What does it mean that we are living in a ‘**digital age**‘? Yes, ‘digital’ is often a synecdoche that refers to ‘computrised,’ in the same way that ‘*technology’* came to be denote ‘electronic/computrised technology’ and ‘media’ often means ‘news-/electronic/broadcast media.’ But I argue that there is something profound in calling our age ‘digital.’ In making digits the hallmark/emblem of an era.

The other morning I observed digits in my morning commute.

I left my house number #, about # minutes before #:## which leftme enough time to catch the ### bus. I bought a ticket for # days starting from the date ######, for £##.##. The woman behind me bought # tickets and paid £#, which gave her the change of £#.##, (a simple mathematic operation that everybody now knows to make). She did not pay for # children who were under # years old. I sat in the front seat and noticed the various numbers written on the bus. There was a telephone number, a fleet number, numbers of approved units (passengers and weight), percentage of lights, and so on. My ticket hosted so many more numbers, of bus, time, driver and ticket, and on the driver’s radio they spoke about road number ## and a value-numbered speed, not too far from the legal number-value.

Looking at my smartphone, I keyed in a code made of a number of digits. Then, on the top appeared various numbers representing the quantified temperature, time and percentage of battery. Below were other numbers indicating the notifications I had pending over each application’s icon. Of course, I could also then call, or text, or listen to the radio, look at the calendar, calculate distances or calories or currencies, or log in to my bank account – all with a small number of numbers. But I read the news, that reported on # percent (or points) in politics, some percentage and numbers in ‘the economy,’ wether, dates, various statistics, and numbers of comments. All entries were numbered and dated too.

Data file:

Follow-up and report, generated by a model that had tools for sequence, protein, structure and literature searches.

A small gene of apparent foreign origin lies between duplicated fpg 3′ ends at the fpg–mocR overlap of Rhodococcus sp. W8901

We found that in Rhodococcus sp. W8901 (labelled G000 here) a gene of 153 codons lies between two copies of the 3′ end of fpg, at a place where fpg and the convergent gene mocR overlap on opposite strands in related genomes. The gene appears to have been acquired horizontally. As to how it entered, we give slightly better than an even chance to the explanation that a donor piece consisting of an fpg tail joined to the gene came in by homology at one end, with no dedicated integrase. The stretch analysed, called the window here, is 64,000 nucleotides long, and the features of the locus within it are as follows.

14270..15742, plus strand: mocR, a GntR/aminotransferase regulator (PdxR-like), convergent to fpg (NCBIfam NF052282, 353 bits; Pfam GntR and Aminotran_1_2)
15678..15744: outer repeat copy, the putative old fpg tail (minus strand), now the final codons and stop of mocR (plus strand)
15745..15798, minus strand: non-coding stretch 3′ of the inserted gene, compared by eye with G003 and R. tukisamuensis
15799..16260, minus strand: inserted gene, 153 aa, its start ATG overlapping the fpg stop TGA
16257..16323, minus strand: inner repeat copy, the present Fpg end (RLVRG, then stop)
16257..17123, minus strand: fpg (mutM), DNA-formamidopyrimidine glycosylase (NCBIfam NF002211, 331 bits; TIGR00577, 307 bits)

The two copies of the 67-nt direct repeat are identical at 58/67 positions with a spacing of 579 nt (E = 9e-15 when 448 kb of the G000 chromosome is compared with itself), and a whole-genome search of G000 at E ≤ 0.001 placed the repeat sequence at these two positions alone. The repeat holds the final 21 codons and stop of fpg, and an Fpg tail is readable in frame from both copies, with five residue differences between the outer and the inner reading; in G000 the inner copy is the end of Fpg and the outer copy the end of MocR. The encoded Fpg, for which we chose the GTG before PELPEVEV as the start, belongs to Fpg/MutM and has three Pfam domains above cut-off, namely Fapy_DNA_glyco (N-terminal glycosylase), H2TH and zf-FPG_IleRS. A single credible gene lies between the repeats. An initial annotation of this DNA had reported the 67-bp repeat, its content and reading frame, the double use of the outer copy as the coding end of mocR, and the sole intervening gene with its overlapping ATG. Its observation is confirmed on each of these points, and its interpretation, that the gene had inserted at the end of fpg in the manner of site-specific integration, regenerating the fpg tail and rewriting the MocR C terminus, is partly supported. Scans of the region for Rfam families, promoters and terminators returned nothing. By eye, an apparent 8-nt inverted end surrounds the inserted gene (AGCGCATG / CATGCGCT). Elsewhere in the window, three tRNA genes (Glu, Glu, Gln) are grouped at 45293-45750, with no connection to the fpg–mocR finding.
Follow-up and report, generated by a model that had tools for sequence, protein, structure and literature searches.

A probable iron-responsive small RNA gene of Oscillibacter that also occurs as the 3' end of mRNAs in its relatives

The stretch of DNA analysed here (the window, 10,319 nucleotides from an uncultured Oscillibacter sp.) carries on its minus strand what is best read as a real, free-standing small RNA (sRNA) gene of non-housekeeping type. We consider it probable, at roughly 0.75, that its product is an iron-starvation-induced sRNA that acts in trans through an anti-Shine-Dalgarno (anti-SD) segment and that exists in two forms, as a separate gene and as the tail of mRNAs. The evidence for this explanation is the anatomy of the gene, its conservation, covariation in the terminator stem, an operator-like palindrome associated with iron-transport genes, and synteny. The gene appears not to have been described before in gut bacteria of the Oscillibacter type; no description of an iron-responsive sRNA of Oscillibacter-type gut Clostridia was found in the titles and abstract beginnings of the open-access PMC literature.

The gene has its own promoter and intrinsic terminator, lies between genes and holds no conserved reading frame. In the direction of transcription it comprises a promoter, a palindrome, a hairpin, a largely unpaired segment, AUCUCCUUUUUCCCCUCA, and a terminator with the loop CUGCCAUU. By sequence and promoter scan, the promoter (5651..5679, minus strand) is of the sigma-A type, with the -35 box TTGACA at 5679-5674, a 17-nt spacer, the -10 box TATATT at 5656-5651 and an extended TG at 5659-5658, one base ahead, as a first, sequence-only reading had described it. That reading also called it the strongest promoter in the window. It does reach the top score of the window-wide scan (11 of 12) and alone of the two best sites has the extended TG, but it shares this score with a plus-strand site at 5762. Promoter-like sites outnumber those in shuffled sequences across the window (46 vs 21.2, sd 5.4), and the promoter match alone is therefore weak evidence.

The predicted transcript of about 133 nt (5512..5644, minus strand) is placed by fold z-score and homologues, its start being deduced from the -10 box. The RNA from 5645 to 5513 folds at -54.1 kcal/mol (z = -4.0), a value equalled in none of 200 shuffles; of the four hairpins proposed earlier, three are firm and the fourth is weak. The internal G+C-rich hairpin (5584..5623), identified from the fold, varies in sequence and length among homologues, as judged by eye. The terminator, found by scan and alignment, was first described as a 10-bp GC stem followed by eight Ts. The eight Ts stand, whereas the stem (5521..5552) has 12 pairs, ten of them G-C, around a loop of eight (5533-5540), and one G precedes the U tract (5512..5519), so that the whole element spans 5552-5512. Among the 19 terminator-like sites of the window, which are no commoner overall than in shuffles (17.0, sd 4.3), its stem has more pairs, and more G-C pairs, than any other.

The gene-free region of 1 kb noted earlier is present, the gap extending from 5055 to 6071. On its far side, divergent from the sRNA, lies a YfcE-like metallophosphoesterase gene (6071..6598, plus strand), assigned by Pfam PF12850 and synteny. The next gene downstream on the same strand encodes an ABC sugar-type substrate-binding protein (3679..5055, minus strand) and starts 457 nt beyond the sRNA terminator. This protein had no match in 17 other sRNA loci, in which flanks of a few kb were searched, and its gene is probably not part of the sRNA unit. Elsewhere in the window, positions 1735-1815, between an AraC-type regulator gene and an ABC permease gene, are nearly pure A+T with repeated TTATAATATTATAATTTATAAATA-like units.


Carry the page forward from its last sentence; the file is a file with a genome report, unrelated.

Try it, see if i’m exaggerating. Look carefully around you and at your phone screen and see how many different numbers talk to you. These numbers are invasive. They order (e.g. house numbers), count (notifications), name (code, bus line, or telephone numbers), calculate (cost change), quantify (like dates, time, weight, % or °). You get the point. These ten digits are everywhere. Start noticing them.

The *numbersociety* is the result the ‘democratisation of math,’ the popularisation of numeral (and decimal) literacy. But what would be challenging now is to think about numbers through technological determinism, as a technology, a device, that has come to shape more than science or math, that organises knowledge/sense in the broadest sense. That we don’t only use numbers to think, but that we think numbers, or think numerally, period. That to think is to number/enumerate and the other way around.

Put differently, I suggest the hypothesis that this *‘numbercy’* is not meaningless, but that numbers literacy in particular brought an epochal global order, or a shared language, that affects thought and languages in latent ways, and which work closely together with, and maybe even operates, the ambition for rationality, effectivity, ‘factuality,’ (fake-)accuracy, modernity (or supermodernity/liquid modernity/late-modernity), meritocracy, marketism, etc. In other words, that it is not only that the number regime holds a quantifying logic to our contemporary everyday life, but that perhaps it also templates what and how we think about non-numbered things.

We may have never been modern, as Latour suggests, but numbers were already always there to help us think about/through our modernity ideal, in ways that can suit other Latourian thoughts (or Knorr-Cetina-ian) on how non-human things (in this case, abstract) are part of society. Like modernity is the true end of hisotry, numeral mechanisms represent eternity: with 10 digits alone we can practically touch infinity, in a flawless – yet hypothetical- system. Any mathematics and every history must always be thought through a stable irreplaceable comprehensive global omnipresent meta system, or doxa, that adjusts, includes and consumes everything.

Everything is supposedly measurable, or calculable, or orderly (with the exception of the random naming-numbers, and we also have the potency to know when it is which). We are informed by these quantifiable notion myths, which in actuality are only approximations (because there is no such thing as ‘accurate’ in the ‘accurate sciences,’ as all empirical measurements are approximations of ideals). Thus, numbers are an emblem of the false accuracy, just like our modernity.

Now, can we think of a world without numbers? Can we think of the world, not through numbers? Is there anything innumerable? Can you evaluate them without numbers?